Say Nothing: A True Story of Murder and Memory in Northern Ireland review

Say Nothing: A True Story of Murder and Memory in Northern IrelandSay Nothing: A True Story of Murder and Memory in Northern Ireland by Patrick Radden Keefe

My rating: 5 of 5 stars


I was raised Catholic, and for an embarrassingly long time I confused “Catholic” and “Christian”. So the idea of conflict between Catholics and Protestants outside of a Tom Lehrer song is very hard for me to relate to, and I remember doing a report in…high school? about the conflict in Northern Ireland and thinking that it seemed totally intractable.

And yet before I even finished high school the Good Friday Agreement was in place and the conflict seemed over. I saw this book recommended several different places, and the sample sat on my phone for a while, but once I got into it (and was also stuck inside because of a winter storm) I really enjoyed it!

The frame that Keefe uses for the book is the disappearance of Jean McConville in 1972, presumably done by the IRA, but it uses this sort of mystery to explore a lot about The Troubles and the aftermath of the Good Friday Agreement. Keefe covers a lot of different people, but I didn’t have too much trouble keeping them all straight, although part of that might be because I read it so fast.

It feels weird to be worried about spoilers for a non-fiction book, but it is kind of a mystery, so…spoilers below!

The part about the Belfast Project really struck me. After the Good Friday Agreement membership in the IRA was still basically illegal, so very few people talked about what they had done during the Troubles. (this is unlike the Truth & Reconciliation Commission that South Africa had after apartheid, where people could admit what they had done in exchange for immunity from prosecution) So some people started a secret project where they would interview former IRA members (and people in loyalist paramilitary groups as well) and keep the tapes secret at Boston College while the interviewee was alive. As the penalty for informing on the IRA was generally death, the organizers of the project went to great lengths to convince people they wanted to interview that this was an ironclad promise.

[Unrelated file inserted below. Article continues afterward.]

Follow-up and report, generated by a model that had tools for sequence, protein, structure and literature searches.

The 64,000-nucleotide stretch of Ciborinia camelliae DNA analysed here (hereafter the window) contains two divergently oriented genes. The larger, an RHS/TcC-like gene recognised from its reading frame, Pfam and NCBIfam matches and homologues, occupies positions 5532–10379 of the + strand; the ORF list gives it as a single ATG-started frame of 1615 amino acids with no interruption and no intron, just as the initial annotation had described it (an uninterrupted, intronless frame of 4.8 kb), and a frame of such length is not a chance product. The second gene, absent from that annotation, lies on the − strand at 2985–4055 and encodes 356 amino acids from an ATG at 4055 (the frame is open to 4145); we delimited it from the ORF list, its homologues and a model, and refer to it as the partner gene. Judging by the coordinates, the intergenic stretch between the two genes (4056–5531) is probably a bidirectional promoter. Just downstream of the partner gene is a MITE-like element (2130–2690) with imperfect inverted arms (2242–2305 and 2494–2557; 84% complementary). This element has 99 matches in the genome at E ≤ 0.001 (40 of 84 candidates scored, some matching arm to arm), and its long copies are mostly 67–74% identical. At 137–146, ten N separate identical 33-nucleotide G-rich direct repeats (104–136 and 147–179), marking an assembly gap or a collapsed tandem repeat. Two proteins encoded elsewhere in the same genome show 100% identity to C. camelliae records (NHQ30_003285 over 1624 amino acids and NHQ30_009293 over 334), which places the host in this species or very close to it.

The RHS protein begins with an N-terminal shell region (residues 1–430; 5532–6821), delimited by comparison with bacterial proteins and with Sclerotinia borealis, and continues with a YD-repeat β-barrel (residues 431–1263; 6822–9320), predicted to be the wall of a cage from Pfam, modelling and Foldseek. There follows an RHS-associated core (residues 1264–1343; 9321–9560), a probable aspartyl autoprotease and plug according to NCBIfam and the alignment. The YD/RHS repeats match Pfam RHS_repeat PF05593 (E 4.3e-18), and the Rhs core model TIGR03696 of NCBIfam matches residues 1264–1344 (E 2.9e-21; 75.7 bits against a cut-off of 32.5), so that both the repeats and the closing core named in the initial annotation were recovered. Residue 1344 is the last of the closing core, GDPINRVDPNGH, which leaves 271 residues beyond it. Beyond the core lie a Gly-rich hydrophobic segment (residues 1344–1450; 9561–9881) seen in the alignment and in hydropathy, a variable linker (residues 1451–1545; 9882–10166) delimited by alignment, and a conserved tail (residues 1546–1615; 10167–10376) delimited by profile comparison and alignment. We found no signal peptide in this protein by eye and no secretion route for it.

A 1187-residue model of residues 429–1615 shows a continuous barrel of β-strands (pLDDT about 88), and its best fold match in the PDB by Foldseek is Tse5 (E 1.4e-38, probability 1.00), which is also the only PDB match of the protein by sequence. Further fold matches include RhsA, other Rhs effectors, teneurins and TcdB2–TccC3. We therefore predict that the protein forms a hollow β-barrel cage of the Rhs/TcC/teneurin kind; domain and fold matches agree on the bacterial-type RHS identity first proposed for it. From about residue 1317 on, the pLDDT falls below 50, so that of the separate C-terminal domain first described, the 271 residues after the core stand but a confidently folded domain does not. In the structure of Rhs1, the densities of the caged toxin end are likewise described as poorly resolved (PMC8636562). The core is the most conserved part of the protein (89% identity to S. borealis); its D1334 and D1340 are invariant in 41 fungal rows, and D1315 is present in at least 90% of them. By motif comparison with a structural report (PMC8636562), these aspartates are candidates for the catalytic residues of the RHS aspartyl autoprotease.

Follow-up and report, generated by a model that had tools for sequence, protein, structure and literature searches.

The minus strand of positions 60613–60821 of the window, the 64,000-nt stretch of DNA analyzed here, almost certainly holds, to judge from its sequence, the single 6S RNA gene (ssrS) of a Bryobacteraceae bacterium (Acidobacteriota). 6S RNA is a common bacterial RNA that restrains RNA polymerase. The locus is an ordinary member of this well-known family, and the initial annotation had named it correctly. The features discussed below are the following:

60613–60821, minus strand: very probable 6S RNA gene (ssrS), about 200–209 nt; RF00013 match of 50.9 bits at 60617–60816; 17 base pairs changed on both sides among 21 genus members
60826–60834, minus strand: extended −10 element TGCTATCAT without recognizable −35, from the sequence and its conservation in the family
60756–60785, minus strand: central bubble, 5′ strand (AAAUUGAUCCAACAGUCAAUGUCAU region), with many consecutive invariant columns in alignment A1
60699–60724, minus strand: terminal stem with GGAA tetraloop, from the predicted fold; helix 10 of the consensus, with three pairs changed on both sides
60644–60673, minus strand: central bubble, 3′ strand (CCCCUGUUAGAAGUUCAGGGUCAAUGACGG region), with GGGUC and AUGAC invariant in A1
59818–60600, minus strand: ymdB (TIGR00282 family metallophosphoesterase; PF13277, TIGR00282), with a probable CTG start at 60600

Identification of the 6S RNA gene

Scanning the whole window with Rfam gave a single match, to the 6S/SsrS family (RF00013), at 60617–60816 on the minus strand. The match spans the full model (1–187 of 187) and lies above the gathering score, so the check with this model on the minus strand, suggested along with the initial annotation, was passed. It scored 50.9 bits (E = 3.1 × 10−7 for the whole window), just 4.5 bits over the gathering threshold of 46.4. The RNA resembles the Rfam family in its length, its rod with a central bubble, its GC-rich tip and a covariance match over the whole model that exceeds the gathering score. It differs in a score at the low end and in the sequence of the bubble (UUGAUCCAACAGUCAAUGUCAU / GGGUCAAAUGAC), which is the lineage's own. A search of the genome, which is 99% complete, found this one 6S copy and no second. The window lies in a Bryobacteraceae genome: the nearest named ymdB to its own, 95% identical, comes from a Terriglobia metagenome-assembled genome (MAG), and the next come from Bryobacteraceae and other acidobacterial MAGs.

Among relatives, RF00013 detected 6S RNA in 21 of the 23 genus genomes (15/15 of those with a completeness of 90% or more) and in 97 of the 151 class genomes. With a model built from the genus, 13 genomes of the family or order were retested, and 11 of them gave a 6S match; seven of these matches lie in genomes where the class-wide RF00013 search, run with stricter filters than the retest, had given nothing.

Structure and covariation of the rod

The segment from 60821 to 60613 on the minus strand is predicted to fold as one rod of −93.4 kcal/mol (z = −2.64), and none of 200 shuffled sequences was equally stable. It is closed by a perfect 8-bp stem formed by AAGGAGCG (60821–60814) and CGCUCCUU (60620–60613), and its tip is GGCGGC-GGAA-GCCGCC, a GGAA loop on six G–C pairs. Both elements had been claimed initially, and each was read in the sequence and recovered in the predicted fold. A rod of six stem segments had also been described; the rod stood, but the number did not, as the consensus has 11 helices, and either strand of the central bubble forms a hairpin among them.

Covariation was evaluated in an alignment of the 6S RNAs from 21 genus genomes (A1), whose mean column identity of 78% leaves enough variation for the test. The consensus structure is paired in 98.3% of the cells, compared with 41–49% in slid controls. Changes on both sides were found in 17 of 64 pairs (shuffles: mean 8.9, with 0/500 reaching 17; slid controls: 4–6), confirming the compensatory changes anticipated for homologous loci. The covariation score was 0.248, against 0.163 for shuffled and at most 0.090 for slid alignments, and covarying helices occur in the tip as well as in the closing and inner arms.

This sounds like a great idea to me, but it was a disaster. Authorities in Northern Ireland learned about the project after a book was published based on one of the interviews after that interviewee passed away. Then they got subpoenas for some of the interviews, and because the project wasn’t officially journalism (and the organizers didn’t actually run things past the legal people at Boston College) the interviews were given up. At least one person was prosecuted based on the interview he had given.

I guess the lesson is that you really need a state-sponsored commission to do things like this.

Other interesting stuff:
– One of the oddities of the situation in Northern Ireland is that both Catholics and Protestants felt like a minority – Catholics were a minority in Northern Ireland itself, but Protestants were a minority on the island because of Ireland’s large Catholic population.